On the other hand, Catherine Reheis-Boyd, the President of the Western States Petroleum Association (WSPA) and the former Chair of the Marine Life Protection Act (MLPA) Initiative Blue Ribbon Task Force to create “marine protected areas” in Southern California, slammed the bill for being “rushed” and “misguided.”
“The legislature should not be in a rush to send this bill to the Governor, but should give it the proper process and vetting that a monumental change in energy policy like this deserves,” said Reheis-Boyd in a statement.
“SB X1-2 misguidedly focuses on profits, rather than the root cause of price spikes — shortages and lack of an available supply due to California’s unique fuel specifications and geographic isolation. Price caps, taxes and tax-like penalties do not increase supply or reduce prices, but instead could have the opposite effect,” Reheis-Boyd claimed.
Reheis-Boyd-Boyd engaged in this ‘illuminating’ exchange with Assemblymember Phil Ting (D-San Francisco) yesterday:
Assemblymember Phil Ting: “Could you illuminate why many of the refineries, many of the companies end up earning greater profit in California versus other parts of the country?”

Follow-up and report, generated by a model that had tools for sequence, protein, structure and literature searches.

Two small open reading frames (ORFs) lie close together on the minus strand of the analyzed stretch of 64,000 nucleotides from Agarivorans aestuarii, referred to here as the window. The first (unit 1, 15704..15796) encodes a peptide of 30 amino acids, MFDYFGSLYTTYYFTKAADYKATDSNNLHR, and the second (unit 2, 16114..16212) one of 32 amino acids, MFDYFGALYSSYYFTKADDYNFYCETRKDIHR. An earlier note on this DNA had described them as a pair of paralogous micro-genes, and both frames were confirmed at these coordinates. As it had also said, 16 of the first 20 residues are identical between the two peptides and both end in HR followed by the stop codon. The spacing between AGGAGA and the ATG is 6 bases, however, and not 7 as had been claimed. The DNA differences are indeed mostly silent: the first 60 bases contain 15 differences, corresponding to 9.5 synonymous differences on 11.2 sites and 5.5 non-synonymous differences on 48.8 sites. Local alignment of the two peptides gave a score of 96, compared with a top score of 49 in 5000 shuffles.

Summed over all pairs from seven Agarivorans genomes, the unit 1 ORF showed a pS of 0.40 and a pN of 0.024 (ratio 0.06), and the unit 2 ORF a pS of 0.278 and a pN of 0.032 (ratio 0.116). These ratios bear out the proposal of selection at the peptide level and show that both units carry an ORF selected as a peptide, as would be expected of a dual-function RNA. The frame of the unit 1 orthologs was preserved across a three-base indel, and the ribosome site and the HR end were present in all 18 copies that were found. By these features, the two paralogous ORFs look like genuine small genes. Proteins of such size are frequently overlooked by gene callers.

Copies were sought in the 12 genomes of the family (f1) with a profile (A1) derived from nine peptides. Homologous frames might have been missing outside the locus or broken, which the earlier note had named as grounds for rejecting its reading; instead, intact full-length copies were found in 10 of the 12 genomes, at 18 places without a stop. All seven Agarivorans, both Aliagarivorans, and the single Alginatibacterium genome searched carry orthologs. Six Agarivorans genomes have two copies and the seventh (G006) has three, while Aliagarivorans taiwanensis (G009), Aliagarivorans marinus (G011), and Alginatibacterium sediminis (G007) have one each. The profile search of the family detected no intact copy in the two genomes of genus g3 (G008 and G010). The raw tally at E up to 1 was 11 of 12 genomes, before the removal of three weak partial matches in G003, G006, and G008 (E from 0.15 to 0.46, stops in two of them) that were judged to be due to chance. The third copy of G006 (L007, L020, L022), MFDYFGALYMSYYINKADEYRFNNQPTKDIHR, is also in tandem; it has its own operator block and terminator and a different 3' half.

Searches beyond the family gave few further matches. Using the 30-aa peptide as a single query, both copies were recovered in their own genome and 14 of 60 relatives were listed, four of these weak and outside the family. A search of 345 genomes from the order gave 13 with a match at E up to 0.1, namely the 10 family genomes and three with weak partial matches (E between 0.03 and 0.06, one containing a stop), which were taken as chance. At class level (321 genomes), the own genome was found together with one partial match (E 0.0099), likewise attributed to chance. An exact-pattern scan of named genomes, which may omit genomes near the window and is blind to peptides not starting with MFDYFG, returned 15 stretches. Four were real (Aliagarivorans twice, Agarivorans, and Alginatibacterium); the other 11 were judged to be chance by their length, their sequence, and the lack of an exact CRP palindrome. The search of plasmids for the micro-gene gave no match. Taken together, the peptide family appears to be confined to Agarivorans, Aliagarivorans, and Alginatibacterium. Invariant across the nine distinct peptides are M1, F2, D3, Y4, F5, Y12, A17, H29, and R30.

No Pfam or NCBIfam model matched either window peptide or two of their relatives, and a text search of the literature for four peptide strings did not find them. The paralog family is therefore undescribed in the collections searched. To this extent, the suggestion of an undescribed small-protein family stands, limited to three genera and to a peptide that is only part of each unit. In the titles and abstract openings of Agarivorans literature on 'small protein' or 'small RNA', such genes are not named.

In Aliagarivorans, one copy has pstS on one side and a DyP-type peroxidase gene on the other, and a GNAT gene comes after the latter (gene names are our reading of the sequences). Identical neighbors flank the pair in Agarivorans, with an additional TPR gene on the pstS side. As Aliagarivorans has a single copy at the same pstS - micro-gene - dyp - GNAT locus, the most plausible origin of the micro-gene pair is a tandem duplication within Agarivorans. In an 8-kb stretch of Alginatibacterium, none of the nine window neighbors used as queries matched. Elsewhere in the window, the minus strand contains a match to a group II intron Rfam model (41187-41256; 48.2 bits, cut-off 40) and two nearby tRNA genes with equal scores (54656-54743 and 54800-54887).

Reheis-Boyd: “It’s a cyclic industry and it goes up, it goes down. And industries, like many, have got to make those decisions based on the long-term planning of being able to be profitable as an entity… this industry’s rate of return is far below the majority of S&P 500’s rate of returns and there’s no conversation about that.”
Ting: “Why is the profit higher in California?”
Reheis-Boyd: “The cost of doing business is higher in California.”
Ting: “So because the cost of doing business is higher, then you want to make a higher profit?”
Reheis-Boyd: “It’s supply and demand…”
Ting: “Why is the profit higher here?”
Reheis-Boyd: “Sorry, Assemblymember, you don’t like my answer but it’s the same one I just gave.”
Ting: “No, I didn’t get an answer, what I got was a lot of generality.”
CalGEM approves a gusher of neighborhood oil drilling permits as total permits soar to over 14,0000